|Forest Investment Account|
|Abstract of TERP Project #1-10|
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Onion Lake terrestrial ecosystem restoration project: year one progress report
|Author(s): Acer Resource Consulting Ltd.||Imprint: Terrace, B.C. : Acer Resource Consulting Ltd., 2002||Subject: Restoration Ecology, British Columbia, Kitimat Provincial Forest, Forest Investment Account (FIA)||Series: Terrestrial Ecosystem Restoration Program
Forest Investment Account (FIA) - Land Base Investment Program|
Historic development practices in the Kitimat Valley have resulted in large tracts of land with little or no structural diversity. Less than 3% of the original old growth forests remain, limiting the opportunities for species dependant on the snags, coarse woody debris, or the canopy variability associated with old forests. Under the Forest Practices Code, ‘coarse filter’ approaches are designed to maintain structural diversity (and thus biodiversity), by using stream buffers, wildlife tree patches and other approaches to maintain diversity and older forest in the landscape. This is not possible in the Kitimat Valley. This project was a pilot project to introduce diversity into the landscape, while monitoring the treatment costs and results in order to determine their wider operational applicability. The objectives of this project were to: 1. increase stand structure diversity and accelerate development of old growth characteristics in selected stands (wildlife tree recruitment areas), 2. determine local feasibility of long-term stand management and the potential to integrate stand treatments into mainstream, volume-oriented management, 3. establish preliminary monitoring of stand characteristics and wildlife use, 4. incorporate public participation through coordination with local naturalist clubs and the media. The intended result is the creation of several small, well distributed islands exhibiting old growth characteristics in a mosaic of commercial forests. Stand treatments included spacing, thinning, girdling and pruning. An important part of the project was ‘planting’ snags and creating CWD piles. 8.4 hectares were treated and a cost analysis was done to determine operational feasibility of the treatment regime. After treatment, baseline bird and stand condition data was collected to provide baseline information for future comparison. A report detailing the treatments and giving recommendations for future methods was produced for the Ministry of Forests. This is available from the Ministry library: Acer Resources Consulting, 2002. Onion Lake Terrestrial Ecosystem Restoration Project - Year One.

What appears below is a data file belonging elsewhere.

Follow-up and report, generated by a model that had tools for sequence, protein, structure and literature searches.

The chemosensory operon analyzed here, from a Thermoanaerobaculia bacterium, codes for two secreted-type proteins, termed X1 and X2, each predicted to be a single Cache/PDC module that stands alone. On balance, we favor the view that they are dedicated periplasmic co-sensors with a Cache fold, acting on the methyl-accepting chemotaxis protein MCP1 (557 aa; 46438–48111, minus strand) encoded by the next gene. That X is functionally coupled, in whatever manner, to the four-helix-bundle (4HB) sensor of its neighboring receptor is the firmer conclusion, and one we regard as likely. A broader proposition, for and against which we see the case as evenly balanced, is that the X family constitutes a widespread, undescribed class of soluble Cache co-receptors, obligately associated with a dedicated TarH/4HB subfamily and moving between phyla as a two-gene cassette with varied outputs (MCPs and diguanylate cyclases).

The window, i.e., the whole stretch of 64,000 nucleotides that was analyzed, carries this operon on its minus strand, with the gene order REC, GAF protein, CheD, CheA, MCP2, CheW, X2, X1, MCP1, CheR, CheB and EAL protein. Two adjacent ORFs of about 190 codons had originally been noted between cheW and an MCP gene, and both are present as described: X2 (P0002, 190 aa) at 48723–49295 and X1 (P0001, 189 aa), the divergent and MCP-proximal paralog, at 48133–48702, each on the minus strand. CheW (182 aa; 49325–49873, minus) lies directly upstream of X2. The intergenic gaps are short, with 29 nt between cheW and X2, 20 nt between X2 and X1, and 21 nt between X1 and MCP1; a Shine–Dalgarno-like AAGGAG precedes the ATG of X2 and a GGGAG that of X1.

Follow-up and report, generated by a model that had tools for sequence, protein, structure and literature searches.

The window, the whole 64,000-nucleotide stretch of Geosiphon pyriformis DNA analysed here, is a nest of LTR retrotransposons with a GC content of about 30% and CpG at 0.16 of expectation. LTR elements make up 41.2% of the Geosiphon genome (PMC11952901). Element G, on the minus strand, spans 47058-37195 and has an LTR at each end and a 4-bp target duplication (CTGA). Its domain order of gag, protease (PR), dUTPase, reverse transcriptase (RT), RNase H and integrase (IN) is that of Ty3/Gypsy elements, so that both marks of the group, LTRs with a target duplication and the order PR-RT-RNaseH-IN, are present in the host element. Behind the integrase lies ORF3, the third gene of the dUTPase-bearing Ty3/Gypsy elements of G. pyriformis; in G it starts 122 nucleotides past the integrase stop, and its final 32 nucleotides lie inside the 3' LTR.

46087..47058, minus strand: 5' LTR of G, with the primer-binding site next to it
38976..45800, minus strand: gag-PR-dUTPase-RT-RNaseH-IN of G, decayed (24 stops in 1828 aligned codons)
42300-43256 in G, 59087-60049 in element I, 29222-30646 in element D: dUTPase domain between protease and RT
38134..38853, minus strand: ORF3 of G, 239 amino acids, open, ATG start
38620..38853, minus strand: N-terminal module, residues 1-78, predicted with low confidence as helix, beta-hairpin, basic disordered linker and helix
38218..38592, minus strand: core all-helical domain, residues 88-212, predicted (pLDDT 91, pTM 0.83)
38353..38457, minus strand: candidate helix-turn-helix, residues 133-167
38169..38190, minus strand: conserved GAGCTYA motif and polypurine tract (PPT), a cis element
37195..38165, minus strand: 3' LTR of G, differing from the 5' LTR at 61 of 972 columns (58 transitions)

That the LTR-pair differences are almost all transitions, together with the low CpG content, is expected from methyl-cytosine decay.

Progress report prepared for the Ministry of Forests by Acer Resources Consulting, Terrace, BC.
Project Name: Onion Lakes Ecological Restoration Project
Project Proponent: Ministry of Forests, Terrace
Keywords: snags, coarse woody debris, variable density spacing, second growth
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Updated July 25, 2006
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